Wernher Von Braun with enormous Saturn rocket engines
Apocryphal or not, this story from the science of space-flight does provide us with one of my favourite quotes, from German rocket scientist turned US space program engineer Wernher von Braun.
Wikipedia does a fine job summarising his life and work, and his contribution to the history of manned space flight through rocket design. I’m more interested in a view he held that aligns strongly with a lesson learned from Lean thinking.
As technologists we often feel compelled to automate things. The great promise of robots and computers was that they would take the drudgery out of daily tasks, leaving humans to think of higher matters. Like watching cats on the internet I suppose. But we usually automate the wrong things.
The natural temptation is to build software or machines that automate the complex, multi-variate, mind-boggling tasks to take out the variation and pain that would occur if a person did them. The resulting code or machine is naturally complex, perhaps incredibly clever, but equally unsuited to varying that solution by even a jot.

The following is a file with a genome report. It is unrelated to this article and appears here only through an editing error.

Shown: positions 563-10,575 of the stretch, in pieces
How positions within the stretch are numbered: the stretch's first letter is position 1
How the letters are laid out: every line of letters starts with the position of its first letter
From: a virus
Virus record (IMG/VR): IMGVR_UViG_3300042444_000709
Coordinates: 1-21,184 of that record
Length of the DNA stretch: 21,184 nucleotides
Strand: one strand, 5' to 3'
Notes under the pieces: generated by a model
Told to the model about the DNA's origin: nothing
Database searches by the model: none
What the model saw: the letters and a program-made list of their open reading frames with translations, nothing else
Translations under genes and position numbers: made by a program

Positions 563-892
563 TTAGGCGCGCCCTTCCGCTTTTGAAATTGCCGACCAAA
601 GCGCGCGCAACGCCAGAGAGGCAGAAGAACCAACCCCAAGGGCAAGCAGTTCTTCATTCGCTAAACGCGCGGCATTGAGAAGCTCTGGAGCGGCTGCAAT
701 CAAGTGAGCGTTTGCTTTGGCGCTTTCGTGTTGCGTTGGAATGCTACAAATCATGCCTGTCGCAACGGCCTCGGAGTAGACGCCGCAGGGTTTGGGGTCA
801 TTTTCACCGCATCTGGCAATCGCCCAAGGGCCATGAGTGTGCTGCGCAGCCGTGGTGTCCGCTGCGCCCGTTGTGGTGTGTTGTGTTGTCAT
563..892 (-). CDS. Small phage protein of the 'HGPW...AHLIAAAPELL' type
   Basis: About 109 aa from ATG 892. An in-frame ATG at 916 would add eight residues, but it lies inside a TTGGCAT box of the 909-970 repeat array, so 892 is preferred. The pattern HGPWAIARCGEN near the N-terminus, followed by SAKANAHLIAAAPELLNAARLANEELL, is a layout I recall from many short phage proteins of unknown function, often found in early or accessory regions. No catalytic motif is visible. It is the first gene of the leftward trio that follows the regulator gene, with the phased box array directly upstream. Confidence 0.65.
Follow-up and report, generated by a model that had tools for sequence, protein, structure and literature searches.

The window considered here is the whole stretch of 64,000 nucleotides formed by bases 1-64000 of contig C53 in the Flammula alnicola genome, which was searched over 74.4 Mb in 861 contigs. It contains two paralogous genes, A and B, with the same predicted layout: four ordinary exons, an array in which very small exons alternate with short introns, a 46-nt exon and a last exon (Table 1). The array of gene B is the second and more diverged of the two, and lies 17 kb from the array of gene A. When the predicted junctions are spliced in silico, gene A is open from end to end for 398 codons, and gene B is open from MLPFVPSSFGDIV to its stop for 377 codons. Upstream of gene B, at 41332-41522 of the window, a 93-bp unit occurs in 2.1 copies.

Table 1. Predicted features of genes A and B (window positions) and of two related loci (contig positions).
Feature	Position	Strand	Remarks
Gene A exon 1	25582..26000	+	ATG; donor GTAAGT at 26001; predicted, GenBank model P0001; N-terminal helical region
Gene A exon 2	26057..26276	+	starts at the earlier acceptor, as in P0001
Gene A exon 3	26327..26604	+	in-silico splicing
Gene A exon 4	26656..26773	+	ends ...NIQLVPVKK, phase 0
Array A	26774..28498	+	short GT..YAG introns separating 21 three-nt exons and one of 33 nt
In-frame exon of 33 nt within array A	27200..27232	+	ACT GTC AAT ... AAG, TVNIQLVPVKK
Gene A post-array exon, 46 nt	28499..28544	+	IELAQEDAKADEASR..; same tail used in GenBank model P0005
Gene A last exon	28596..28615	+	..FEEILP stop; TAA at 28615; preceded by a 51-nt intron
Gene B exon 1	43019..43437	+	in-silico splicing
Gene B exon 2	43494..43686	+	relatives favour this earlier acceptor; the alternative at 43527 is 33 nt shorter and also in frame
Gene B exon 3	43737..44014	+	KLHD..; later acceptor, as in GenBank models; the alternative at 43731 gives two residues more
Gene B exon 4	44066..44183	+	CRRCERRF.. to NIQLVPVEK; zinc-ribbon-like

Lean teaches us to automate the simple, repetitive tasks and leave the complex, decision-heavy, multi-stranded, multi-variate tasks to a person (or people). When eventually they have innovated the task to be simple – you might automate it. Werner had a lovely take on this issue:
“Man is the best computer we can put aboard a spacecraft – and the only one that can be mass-produced using unskilled labour.”
This thought resonated with me today as we heard of the battles our smartest software developers have endured over the last 24 months writing a robot to interrogate text files and break down the content into different types. Every time the original document is improved for the product to be more customer-friendly (which is often), our robot breaks. Stimulated by the intellectual pursuit, we have coded our hearts out to solve this, often resolving that if the upstream folk could just stop changing the frickin’ format to please customers we’d be fine!
Then our own rocket scientist had a thought. What if we got people to do the job instead, giving them some simple tools to process, post-process and augment the content along the way? Ugh. Not sexy. Not ‘elegant’. But several times more efficient and producing output at the 99% quality level. Lunokhod thinking!
I close with another von Braun piece of wisdom, which perhaps comes from his rare reconciliation of both religious and scientific passions in his life:
“You must accept one of two basic premises: Either we are alone in the universe, or we are not alone in the universe. And either way, the implications are staggering”